Carbon Canyon Regional Park: Southern California’s Coastal Redwoods

The coastal redwood, one of California’s most beautiful trees, is usually only found outside of Southern California. That is why I was shocked to hear that there is a small grove in a regional park in Yorba Linda. While the redwoods here are not as big as any of their brothers up north, they are still beautiful to see in Southern California. Here is all the information.


  • Park Hours: Fall – Winter Hours, 7 a.m. to 6 p.m. Spring-Summer Hours, 7 a.m. to 9 p.m.
  • $3 for weekdays $5 for weekend days
  • Here is the Park Map
  • No alcohol
  • Dogs allowed on a leash
  • Signs for Poison Oak so don’t stray off the path
  • This information is from my visit in 2016 and 2019
  • Read about all of my favorite redwood groves here


The land that is now Carbon Canyon Regional Park was settled in the early 19th century by farmers and ranchers, who established the village of Olinda in Carbon Canyon. Olinda boomed at the turn of the century with the discovery of oil in the area and thrived until the 1940s when the local oil fields began to shut down. It later merged with the nearby city of Randolph to form the city of Brea.

With the growth of Orange County after World War II, protection from flooding from the county’s many creeks, including Carbon Canyon Creek, became a major concern. As a consequence, Carbon Canyon Dam was completed in 1961 by the U.S. Army Corps of Engineers. In 1974, 114 acres of land upstream from the dam was leased to the County by the Corps for the establishment of a regional park. The park was opened to the public the following year, which was also when the redwoods were planted.

The Trail

After paying at the entrance station, you simply head to the right and follow the road around to a dirt parking lot, which is where the trail starts.

Carbon Canyon Redwoods 1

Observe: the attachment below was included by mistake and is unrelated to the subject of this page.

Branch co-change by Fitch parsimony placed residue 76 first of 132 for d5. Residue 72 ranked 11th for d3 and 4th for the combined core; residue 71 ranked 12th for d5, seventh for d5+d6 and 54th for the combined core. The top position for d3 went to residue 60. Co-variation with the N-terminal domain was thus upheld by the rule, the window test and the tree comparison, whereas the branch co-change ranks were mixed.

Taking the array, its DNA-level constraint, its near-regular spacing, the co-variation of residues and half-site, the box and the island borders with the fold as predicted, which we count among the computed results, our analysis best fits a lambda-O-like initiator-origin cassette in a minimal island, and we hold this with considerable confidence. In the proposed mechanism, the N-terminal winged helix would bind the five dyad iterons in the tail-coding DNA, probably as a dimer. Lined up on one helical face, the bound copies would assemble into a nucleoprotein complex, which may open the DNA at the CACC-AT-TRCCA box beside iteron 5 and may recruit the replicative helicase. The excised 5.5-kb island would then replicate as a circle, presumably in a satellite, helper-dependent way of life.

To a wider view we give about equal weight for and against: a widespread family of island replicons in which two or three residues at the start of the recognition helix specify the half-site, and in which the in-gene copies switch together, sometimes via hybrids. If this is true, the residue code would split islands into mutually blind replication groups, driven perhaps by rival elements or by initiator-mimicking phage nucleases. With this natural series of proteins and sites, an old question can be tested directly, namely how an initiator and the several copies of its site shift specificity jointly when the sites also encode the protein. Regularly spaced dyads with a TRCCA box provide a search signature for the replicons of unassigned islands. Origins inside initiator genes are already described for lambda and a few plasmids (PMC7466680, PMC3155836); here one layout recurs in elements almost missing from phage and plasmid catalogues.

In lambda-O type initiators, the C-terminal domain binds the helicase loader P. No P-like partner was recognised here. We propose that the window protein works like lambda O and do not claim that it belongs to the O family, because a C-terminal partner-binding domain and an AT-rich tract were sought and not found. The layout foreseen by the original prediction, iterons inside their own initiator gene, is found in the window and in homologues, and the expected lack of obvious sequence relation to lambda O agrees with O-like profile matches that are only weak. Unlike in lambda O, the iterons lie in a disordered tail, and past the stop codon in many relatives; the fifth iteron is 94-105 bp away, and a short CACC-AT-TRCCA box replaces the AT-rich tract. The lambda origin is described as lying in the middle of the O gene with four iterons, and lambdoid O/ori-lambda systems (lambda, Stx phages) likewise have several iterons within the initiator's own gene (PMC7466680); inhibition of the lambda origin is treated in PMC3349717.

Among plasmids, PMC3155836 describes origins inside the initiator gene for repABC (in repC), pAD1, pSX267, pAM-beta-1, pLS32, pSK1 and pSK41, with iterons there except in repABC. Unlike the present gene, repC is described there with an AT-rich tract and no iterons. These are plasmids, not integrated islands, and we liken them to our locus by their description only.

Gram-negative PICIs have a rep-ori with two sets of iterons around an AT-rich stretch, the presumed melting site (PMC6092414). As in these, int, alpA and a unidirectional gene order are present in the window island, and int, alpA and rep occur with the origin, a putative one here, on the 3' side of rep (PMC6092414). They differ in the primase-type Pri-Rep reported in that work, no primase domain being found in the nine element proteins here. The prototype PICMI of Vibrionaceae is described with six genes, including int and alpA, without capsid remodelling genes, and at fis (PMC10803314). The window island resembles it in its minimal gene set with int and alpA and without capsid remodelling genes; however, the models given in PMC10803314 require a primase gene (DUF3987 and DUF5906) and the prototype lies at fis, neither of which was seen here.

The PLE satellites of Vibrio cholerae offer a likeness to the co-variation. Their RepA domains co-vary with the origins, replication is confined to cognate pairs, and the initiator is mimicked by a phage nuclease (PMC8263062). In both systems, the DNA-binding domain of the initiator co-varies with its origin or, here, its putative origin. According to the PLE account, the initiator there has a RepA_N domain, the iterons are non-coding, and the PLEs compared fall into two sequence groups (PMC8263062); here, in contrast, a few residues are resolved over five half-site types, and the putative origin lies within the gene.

The trail meanders from here for about a mile, passing some beautiful plants and a small creek. You will even be able to see the lake from the backside as you are walking the trail.

Carbon Canyon Redwoods 5

Be careful of the poison oak though, we saw many signs saying it was there, but I didn’t see any plants that resembled the picture, so I am not sure how wide-spread it is.

Carbon Canyon Redwoods 15

The trail itself does not have much elevation and is a nice walk to go on with the whole family. As you round the last bend, you will start to see the redwood grove.

The Redwoods

This large redwood grove has a bunch of trees in it that range from 40 to 70 feet tall. It is a beautiful thing to see the juxtaposition of the trees and the desert foliage next to them.

Carbon Canyon Redwoods 7

You can explore the trees to your heart’s content as there is a paved path that goes around the whole area, or you can simply walk in to the charming interior path and get a look of the trees up close.

I loved being able to explore this area, and it was a great find in the diverse Southern California landscape.

Carbon Canyon Dam

After completing the loop around the redwoods, you will be back on a trail that walks by the Carbon Canyon Dam. This structure was built in the ’60s, and it is an excellent example of construction during that era. I didn’t walk up to the top to explore it, I just checked it out from below, but it was a nice point of interest on the trail.

Here is a video I made of my hike.

I enjoyed my time at Carbon Canyon Park and loved being able to see the redwoods up close. This is an excellent spot for the whole family, so if your family likes to explore, grab directions below. I even ran into my friends Greene Adventures when hiking this trail as well, always nice to see other bloggers on the trail.

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